Quote:The interplay between dialogue and soundtrack is poorly balanced in that it almost seems that where dialogue was 'thin' or non-exsistent, it was like there was an attitude of 'let's fill this space with music', rather than flesh out the dialogue some more. Dialogue was relatively austere throughout the movie anyway. It was visually driven, with dialogue seemingly a secondary consideration.

That's an interesting take. In the original comics (which I picked up a few years back) the action was always intersperced with music. In fact, O'Barr said something to the effect that music became a driving force for him when he was working on the project, and thus also for his main character.

Quote:A lot of the set work in The Crow was suggestive of a certain tone, rather than actually representative; in other words, quite Spartan. For example, many of the building shots like Eric's apartment, tend to be wide shots, as under close ups the sets would not bear up to much scrutiny. This suggests a lack of detail in the model work. There are many more close-ups of set work in Dark City.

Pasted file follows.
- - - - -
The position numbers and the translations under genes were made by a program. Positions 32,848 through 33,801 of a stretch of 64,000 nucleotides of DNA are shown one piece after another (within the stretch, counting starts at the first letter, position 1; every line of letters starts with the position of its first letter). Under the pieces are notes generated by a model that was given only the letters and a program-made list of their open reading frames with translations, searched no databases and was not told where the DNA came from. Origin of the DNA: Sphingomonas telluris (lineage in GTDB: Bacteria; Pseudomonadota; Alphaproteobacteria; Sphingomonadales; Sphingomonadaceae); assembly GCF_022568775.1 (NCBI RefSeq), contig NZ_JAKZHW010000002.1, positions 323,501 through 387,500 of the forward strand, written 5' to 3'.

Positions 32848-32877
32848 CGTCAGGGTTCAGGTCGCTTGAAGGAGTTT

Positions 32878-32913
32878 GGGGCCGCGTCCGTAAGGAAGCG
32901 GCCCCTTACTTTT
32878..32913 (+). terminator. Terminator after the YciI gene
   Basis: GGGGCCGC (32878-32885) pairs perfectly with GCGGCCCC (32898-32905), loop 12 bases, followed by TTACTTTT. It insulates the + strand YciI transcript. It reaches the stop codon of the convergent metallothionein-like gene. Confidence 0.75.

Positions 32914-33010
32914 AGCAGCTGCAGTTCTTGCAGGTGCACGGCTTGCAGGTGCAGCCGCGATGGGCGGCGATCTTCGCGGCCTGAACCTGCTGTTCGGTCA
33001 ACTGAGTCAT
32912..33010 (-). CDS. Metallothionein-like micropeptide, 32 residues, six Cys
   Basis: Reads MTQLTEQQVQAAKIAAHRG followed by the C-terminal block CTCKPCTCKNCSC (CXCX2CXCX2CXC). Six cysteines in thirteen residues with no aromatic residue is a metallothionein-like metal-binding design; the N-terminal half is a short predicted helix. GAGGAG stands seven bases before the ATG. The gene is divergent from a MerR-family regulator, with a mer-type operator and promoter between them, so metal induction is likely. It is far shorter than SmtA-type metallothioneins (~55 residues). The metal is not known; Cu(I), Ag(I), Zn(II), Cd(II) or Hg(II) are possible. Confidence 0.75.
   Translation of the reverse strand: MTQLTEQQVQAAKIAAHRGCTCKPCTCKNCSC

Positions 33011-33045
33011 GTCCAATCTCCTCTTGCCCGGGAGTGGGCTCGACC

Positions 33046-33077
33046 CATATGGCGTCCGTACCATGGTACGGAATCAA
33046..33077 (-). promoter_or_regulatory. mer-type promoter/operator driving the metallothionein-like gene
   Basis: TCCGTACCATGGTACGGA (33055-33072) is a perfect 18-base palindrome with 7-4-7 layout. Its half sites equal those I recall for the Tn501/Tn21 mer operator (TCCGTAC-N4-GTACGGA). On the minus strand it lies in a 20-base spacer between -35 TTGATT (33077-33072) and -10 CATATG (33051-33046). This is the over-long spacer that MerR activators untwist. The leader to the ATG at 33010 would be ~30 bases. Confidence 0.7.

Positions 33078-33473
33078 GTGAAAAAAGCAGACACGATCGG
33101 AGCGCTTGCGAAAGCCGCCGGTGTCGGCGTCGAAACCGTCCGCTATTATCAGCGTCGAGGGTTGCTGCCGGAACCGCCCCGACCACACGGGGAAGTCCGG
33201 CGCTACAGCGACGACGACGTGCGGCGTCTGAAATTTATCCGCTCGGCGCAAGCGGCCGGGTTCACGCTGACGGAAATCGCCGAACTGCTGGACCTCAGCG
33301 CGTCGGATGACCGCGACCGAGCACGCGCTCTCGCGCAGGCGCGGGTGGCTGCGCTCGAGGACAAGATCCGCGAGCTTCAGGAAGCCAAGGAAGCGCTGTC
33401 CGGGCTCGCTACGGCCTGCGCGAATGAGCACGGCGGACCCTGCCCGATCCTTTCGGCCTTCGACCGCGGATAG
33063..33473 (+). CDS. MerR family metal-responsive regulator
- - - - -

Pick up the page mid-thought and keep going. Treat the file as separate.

If Lucas has proved anything it is that more is not always better. The Crow worked magnificently with what it had. It's budget was a very modest $15 million, which doesn't leave a lot of room for detail oriented delving into sets. The sets weren't key anyhow, as the action depended mostly upon characters, and was character driven. Something Dark City suffered from, where the action was more or less plot driven, and the characters just moving according to script, rather than their own motivations.

[/quote]So, RobRoy, I don't know how you can say that The Crow 'is a far better peice [sic] of effort than Dark City'. Clearly more thought AND effort have gone into bringing Dark City to the screen than The Crow. Dark City will always be a far better piece of effort than The Crow.[/QUOTE]